There is a scene in The Fifth Element where the entire body of Milla Jovovich is created using a futuristic 3D printer. We are not quite there yet, but it isn’t science fiction anymore. A new 3D printer has just been unveiled that can successfully print bone, cartilage and muscle on a large scale to be used as human implants. The printed tissues such as ears are made with human cells and have survived intact. The integrated tissue–organ printer (ITOP) can fabricate stable, human-scale tissue constructs of any shape.
It’s not the first time scientists have made a 3D printer capable of making human tissue, but this one is the first that can print human scale tissue ready to be implanted.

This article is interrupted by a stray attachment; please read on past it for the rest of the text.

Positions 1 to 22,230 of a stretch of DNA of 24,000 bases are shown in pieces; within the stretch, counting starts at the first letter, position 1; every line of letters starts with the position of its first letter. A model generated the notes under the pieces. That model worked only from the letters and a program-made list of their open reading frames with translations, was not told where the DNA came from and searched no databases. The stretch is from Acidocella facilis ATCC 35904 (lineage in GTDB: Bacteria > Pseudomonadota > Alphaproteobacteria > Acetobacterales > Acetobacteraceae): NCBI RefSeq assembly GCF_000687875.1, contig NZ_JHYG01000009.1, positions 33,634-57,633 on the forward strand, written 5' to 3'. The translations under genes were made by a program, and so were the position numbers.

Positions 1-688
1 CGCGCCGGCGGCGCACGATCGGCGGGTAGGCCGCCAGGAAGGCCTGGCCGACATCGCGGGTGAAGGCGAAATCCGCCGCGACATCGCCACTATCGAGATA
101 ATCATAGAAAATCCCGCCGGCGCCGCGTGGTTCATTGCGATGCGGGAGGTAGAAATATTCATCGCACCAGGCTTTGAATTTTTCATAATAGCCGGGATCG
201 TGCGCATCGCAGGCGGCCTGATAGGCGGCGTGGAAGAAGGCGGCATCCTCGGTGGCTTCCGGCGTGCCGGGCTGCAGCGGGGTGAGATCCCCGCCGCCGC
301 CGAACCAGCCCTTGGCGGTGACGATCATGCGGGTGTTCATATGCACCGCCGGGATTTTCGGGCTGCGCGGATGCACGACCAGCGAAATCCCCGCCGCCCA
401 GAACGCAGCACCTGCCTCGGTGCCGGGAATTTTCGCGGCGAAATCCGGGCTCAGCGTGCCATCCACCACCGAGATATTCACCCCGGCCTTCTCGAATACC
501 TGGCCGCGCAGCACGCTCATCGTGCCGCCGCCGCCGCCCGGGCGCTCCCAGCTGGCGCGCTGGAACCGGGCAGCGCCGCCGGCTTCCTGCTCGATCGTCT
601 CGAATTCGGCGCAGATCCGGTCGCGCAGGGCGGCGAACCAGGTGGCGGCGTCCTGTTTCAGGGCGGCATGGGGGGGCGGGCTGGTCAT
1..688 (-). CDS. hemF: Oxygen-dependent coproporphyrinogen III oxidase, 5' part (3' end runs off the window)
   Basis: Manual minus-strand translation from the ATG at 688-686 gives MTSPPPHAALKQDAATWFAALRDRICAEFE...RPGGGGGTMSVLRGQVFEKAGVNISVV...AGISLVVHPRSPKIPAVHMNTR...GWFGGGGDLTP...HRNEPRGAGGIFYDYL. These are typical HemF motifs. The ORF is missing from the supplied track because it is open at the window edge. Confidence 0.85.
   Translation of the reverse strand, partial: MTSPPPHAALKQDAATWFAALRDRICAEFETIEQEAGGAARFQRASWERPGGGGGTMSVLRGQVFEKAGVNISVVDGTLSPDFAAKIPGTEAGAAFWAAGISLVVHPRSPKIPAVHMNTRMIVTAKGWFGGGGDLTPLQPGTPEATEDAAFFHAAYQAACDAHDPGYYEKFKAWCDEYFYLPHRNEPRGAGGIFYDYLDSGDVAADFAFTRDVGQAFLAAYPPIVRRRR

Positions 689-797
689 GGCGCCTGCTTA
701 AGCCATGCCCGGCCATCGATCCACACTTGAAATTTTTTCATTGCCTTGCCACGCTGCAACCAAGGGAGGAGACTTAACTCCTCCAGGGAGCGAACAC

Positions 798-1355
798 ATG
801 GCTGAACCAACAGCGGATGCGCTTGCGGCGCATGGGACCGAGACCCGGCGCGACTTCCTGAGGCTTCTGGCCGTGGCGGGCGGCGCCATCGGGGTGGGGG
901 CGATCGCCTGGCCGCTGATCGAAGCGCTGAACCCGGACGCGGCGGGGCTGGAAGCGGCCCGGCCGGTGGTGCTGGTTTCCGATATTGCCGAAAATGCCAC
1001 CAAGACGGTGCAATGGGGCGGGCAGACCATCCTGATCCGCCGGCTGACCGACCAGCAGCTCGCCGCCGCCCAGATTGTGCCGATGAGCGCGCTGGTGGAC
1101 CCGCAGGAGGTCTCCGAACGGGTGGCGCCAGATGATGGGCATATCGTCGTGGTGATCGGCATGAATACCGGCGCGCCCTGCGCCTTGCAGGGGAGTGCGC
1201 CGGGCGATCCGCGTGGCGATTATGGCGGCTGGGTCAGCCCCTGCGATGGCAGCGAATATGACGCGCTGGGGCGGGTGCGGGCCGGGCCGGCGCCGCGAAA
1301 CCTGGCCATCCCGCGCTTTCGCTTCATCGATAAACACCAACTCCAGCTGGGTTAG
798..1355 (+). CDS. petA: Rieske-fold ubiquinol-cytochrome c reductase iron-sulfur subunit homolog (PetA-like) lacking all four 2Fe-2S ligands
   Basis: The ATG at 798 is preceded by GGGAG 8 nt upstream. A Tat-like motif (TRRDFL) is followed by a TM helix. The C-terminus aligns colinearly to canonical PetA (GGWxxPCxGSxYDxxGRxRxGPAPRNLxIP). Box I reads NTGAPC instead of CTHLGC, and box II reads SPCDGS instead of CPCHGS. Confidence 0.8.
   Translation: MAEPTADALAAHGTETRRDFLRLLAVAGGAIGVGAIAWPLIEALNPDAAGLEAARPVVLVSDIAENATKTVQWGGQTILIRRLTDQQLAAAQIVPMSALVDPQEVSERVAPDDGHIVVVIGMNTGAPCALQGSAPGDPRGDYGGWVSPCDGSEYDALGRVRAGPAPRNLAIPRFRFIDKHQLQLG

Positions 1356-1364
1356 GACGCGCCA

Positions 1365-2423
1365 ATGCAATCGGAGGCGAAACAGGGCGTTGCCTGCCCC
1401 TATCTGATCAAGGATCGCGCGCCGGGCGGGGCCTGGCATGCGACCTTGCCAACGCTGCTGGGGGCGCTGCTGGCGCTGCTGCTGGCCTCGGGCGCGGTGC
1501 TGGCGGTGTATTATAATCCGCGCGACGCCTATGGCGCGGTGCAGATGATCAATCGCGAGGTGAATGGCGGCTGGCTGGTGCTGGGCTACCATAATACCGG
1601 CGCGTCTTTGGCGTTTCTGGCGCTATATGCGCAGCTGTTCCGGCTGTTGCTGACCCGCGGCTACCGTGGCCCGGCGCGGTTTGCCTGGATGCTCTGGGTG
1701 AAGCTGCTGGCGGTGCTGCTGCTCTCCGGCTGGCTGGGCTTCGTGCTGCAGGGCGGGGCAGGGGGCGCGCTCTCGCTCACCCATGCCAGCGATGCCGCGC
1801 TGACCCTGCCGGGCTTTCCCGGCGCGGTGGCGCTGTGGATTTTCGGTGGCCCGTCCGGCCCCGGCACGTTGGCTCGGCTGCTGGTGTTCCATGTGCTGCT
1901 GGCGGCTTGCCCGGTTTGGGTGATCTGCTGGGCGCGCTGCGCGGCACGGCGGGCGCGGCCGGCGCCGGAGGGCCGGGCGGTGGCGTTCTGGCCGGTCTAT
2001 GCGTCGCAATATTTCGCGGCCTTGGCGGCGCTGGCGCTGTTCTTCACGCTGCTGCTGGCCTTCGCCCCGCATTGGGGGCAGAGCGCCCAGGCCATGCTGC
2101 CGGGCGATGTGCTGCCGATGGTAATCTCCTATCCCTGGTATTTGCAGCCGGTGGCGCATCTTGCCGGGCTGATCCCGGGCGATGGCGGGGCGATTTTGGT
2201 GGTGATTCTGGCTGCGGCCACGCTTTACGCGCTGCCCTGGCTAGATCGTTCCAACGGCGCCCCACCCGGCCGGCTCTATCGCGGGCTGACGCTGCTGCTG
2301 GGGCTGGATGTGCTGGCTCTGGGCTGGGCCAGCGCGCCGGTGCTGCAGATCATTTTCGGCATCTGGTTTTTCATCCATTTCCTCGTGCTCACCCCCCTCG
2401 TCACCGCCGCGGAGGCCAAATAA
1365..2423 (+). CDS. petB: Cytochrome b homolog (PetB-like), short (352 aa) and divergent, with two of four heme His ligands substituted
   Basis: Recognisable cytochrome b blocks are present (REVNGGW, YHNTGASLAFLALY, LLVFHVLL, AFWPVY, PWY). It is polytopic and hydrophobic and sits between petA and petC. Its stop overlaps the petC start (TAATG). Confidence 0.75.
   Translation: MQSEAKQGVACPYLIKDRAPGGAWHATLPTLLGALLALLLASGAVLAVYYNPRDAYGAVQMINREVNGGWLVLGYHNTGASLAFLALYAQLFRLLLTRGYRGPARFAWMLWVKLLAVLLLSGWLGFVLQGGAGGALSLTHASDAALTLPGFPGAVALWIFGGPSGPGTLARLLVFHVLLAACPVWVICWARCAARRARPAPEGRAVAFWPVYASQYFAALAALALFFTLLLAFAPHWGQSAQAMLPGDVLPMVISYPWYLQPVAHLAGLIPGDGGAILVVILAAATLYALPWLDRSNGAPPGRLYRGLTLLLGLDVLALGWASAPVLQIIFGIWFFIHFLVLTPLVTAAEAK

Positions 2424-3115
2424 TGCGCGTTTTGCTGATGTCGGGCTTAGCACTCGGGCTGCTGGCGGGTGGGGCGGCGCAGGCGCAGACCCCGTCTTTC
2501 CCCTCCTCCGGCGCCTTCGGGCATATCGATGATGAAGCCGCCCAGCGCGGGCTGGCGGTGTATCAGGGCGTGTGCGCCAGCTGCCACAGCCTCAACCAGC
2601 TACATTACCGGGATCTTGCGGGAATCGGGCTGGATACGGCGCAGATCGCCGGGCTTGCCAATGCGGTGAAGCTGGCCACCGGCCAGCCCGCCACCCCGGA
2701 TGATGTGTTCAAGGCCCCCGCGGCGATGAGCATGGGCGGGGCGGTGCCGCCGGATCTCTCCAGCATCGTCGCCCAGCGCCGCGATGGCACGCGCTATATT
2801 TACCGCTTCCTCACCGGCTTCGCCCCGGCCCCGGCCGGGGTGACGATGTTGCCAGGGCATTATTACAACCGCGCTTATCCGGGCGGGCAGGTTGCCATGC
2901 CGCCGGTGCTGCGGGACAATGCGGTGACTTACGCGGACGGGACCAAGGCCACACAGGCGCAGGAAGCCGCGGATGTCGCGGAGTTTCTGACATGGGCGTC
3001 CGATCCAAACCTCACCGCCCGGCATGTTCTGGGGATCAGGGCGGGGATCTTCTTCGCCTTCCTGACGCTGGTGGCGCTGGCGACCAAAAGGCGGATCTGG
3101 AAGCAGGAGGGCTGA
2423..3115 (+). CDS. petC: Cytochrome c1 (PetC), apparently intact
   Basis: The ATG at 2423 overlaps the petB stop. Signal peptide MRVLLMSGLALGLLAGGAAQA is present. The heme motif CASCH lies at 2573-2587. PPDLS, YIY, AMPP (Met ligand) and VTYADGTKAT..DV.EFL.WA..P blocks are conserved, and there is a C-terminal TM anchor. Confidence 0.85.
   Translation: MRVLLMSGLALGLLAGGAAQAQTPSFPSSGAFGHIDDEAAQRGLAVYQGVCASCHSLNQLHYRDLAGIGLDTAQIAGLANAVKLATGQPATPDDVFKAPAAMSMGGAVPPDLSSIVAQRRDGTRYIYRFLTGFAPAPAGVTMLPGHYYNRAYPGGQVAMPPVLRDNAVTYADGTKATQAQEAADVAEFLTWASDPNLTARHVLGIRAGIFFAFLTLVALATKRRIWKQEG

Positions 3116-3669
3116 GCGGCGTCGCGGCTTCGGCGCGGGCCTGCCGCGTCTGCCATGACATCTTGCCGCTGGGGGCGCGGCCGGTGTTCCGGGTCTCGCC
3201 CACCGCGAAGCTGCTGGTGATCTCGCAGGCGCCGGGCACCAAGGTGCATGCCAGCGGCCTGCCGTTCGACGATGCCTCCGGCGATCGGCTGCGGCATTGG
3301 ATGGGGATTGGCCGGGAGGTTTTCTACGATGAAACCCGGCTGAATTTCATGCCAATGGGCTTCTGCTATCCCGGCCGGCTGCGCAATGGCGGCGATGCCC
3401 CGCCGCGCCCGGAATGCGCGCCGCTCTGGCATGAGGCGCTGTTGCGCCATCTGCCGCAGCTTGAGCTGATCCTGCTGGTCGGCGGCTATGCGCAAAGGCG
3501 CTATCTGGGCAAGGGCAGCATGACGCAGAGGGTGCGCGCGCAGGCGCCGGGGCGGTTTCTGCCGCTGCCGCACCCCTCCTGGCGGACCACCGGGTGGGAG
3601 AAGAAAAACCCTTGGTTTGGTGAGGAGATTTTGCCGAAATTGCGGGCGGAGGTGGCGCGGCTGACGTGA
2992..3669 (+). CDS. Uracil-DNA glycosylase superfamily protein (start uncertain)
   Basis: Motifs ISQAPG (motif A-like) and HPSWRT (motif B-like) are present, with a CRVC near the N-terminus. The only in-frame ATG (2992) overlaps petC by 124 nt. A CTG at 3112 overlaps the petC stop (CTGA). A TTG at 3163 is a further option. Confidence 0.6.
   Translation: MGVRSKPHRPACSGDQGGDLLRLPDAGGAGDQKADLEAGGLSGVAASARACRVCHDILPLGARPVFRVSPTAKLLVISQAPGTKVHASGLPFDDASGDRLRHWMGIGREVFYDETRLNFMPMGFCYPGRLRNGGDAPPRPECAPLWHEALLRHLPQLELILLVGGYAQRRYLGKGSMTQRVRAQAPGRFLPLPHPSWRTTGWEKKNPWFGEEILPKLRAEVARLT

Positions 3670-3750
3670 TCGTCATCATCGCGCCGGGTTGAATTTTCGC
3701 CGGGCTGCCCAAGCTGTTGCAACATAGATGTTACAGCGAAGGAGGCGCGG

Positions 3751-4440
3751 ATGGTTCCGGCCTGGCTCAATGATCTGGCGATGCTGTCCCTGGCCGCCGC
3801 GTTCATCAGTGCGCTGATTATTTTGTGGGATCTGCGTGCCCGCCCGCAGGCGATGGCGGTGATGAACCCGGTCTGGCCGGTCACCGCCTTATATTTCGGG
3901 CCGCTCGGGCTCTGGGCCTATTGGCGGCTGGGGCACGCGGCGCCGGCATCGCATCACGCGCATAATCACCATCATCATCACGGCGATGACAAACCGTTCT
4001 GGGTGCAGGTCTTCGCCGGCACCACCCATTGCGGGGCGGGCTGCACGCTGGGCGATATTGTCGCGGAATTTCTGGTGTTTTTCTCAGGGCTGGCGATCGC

“A team of biomedical researchers at Wake Forest Institute for Regenerative Medicine has just completed an invention 10 years in the making. It’s a 3D printer that can craft relatively simple tissues like cartilage into large complex shapes—like an infant’s ear. Using cartridges that are brimming with biodegradable plastic and human cells bound up in gel, this new kind of 3D printer builds complex chunks of growing muscle, cartilage, and even bone. When implanted into animals, these simple fabricated tissues survive and thrive indefinitely.” [Popular Mechanics]
The technology has been published in the journal Nature HERE.